Parents Alert Your Secondary School Pocket Money Guide Summary

Parents Alert: Your Secondary School Pocket Money Guide

Dear Parents and Children,

Congratulations for making through your PSLE. It is time for fun, leisure and also putting the Singaporediscovers vouchers to use. But save this link because you will be needing it next year when your children start their secondary school.

 

Your Secondary School Pocket Money Guide

Your child is 12, capable of making good decision (although sometimes you might disagree) and entering into their next phase of their lives. It will be an exciting journey for them. As parents, one of the best things you can do is to prepare adequately for them financially (This is what you can do to help yourself: 6 Levels Wealth Karate). The day to day cost of studying in primary school and secondary school are very different. In this article, I hope to give a guide on how much pocket money to give your children.

A big thank you to Josarah, Vivien, Yitong, HongMing, Xueting, Alcina and many others who helped made this article possible.

 

Our Secondary School Journey

Although time and cost may have change, the main structure of secondary school education remains the same. I remember those mornings where I flew out of bed in fright because my mom used to shout from the kitchen

“还不起来?!730了!“。(Are you sure you don’t want to wake up? It is already 730am)

730am is the timing I have to reach/report to school. Otherwise, there will be detention, writing 1000x of “I will not be late” and I absolutely hated that. Every morning, I jolted out of bed only to find out it was only 615am. Strangely, this worked for me even though I knew my mom was calling bluff. Recess break around 1030am and also lunch break at around 130pm. I had band practice in the noon only to go home around 5pm every day. My Saturdays were also filled up by band practice. We usually had lunch at 12pm and finish about 4pm to go home.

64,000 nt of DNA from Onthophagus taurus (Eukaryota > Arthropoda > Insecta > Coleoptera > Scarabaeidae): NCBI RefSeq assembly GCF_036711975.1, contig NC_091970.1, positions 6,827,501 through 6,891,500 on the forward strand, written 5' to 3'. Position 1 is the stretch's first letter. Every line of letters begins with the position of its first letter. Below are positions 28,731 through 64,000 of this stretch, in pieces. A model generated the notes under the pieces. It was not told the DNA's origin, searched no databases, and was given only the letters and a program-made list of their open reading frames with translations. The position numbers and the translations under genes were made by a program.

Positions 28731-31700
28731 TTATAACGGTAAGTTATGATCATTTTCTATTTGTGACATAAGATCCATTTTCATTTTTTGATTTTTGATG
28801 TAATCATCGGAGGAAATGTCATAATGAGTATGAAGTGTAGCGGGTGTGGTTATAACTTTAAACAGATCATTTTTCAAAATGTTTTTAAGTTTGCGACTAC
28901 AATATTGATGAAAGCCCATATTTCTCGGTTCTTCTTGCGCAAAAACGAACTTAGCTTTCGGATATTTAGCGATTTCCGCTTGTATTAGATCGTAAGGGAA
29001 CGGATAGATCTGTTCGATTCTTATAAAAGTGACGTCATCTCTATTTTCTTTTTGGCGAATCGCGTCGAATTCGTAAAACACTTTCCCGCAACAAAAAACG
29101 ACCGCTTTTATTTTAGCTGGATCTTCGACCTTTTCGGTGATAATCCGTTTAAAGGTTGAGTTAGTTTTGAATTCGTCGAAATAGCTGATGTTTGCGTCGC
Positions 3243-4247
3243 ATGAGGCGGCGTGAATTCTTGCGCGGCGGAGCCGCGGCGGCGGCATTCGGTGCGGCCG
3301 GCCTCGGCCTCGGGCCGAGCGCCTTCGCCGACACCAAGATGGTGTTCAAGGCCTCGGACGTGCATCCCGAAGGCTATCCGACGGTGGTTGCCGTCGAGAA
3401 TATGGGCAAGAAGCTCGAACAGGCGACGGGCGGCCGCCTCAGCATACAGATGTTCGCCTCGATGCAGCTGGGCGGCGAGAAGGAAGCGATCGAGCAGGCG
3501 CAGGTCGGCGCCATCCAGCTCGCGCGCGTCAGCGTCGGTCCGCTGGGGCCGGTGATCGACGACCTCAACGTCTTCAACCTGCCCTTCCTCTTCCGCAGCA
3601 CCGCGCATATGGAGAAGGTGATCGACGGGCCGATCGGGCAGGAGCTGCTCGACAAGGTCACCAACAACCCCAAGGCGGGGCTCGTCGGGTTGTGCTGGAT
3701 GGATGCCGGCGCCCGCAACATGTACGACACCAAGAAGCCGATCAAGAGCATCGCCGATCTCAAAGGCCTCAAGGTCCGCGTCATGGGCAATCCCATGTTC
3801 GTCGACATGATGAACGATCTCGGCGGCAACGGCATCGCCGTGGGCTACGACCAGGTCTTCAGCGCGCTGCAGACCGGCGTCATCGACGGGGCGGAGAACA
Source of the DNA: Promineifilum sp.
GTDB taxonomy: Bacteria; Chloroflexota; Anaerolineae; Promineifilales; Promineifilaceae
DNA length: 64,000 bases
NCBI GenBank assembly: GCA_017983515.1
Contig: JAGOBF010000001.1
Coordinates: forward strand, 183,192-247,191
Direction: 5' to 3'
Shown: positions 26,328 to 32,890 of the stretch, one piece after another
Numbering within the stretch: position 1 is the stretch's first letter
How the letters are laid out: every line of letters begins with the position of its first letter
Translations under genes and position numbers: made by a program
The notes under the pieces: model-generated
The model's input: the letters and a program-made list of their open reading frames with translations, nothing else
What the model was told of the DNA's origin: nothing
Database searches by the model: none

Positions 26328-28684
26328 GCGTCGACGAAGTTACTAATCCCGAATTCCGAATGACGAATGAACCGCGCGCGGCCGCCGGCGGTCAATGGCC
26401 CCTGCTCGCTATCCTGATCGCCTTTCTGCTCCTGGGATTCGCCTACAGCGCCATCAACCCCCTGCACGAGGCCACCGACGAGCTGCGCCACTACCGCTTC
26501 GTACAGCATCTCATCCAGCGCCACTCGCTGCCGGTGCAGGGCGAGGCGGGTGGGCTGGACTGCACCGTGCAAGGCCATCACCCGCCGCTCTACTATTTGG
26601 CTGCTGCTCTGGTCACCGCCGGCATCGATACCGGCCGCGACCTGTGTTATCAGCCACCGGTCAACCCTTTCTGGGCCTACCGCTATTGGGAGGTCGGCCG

Coming from a humble family, Saturday lunch wasn’t exciting as I couldn’t afford anything more than a mixed vegetable rice with 2 vegetable and 1 meat. I watched in envy (sometimes sadness) as some of my friends ate at MacDonald or drink bubble tea. Hence, I was determined to have a good relationship with money so that life will be better.

In any case, here is the ultimate secondary school pocket money guide for your planning in 2021.

 

Ultimate Secondary School Pocket Money Guide

Food

We are talking about growing children here. We eat and we eat a lot during this age. After getting some data from some of my friends who are teachers, these are what they have shared with me.

Recess: From $1.80 to $4

Lunch: From $3 to $10 (In secondary school, the duration are longer and sometimes students might want to eat outside school. The cost of lunch will increase if they order from food court/starbucks/KFC etc)

As this is the most important expenditure (at least in my opinion) for students, there are financial assistance scheme which you can take advantage of. Please ask your teachers for more information as I’m unable to find more on the web. Here are some references from Pei Cai Secondary and also the MOE Press Release. From those website, those eligible students in secondary schools will receive subsidies of $2.90 per meal.

Parents Alert Your Secondary School Pocket Money Guide Food
Parents Alert Your Secondary School Pocket Money Guide Food (Source)

 

Transportation

Depending on the location of the school, your children might need to take the public transport to school. As this is a fairly consistent expenditure, you may want to consider whether a concession pass or which concession pass will make sense.

Parents Alert Your Secondary School Pocket Money Guide Transportation
Parents Alert Your Secondary School Pocket Money Guide Transportation

The cost of transportation may be between $26 to $54 (in the most extreme). If the school is within walking distance, you would have saved on this expenditure.

If you are an adult, this will be applicable for you. Save Money on Transportation Singapore.

 

CCA

Depending on the CCA, the cost will be slightly different. I used to be in the military band and I had to pay the treasurer $2/month (In 2000) as band fee. The $2 was used to pay for printing of our scores, our reeds and the maintenance of our instruments. While it is not a hefty sum of money, it is good to note that your child is paying for this too.

 

Enjoyment/Hobby

When I spoke to my friends who are teachers, 100% of them observed most students will drink bubble tea. I do not have much experience with bubble tea as I was unable to afford in the past. However, I have noticed that bubble tea is one of the things that will give students joy. As adults, we have an occasional good meal as a way to celebrate our hard work. Why not students then?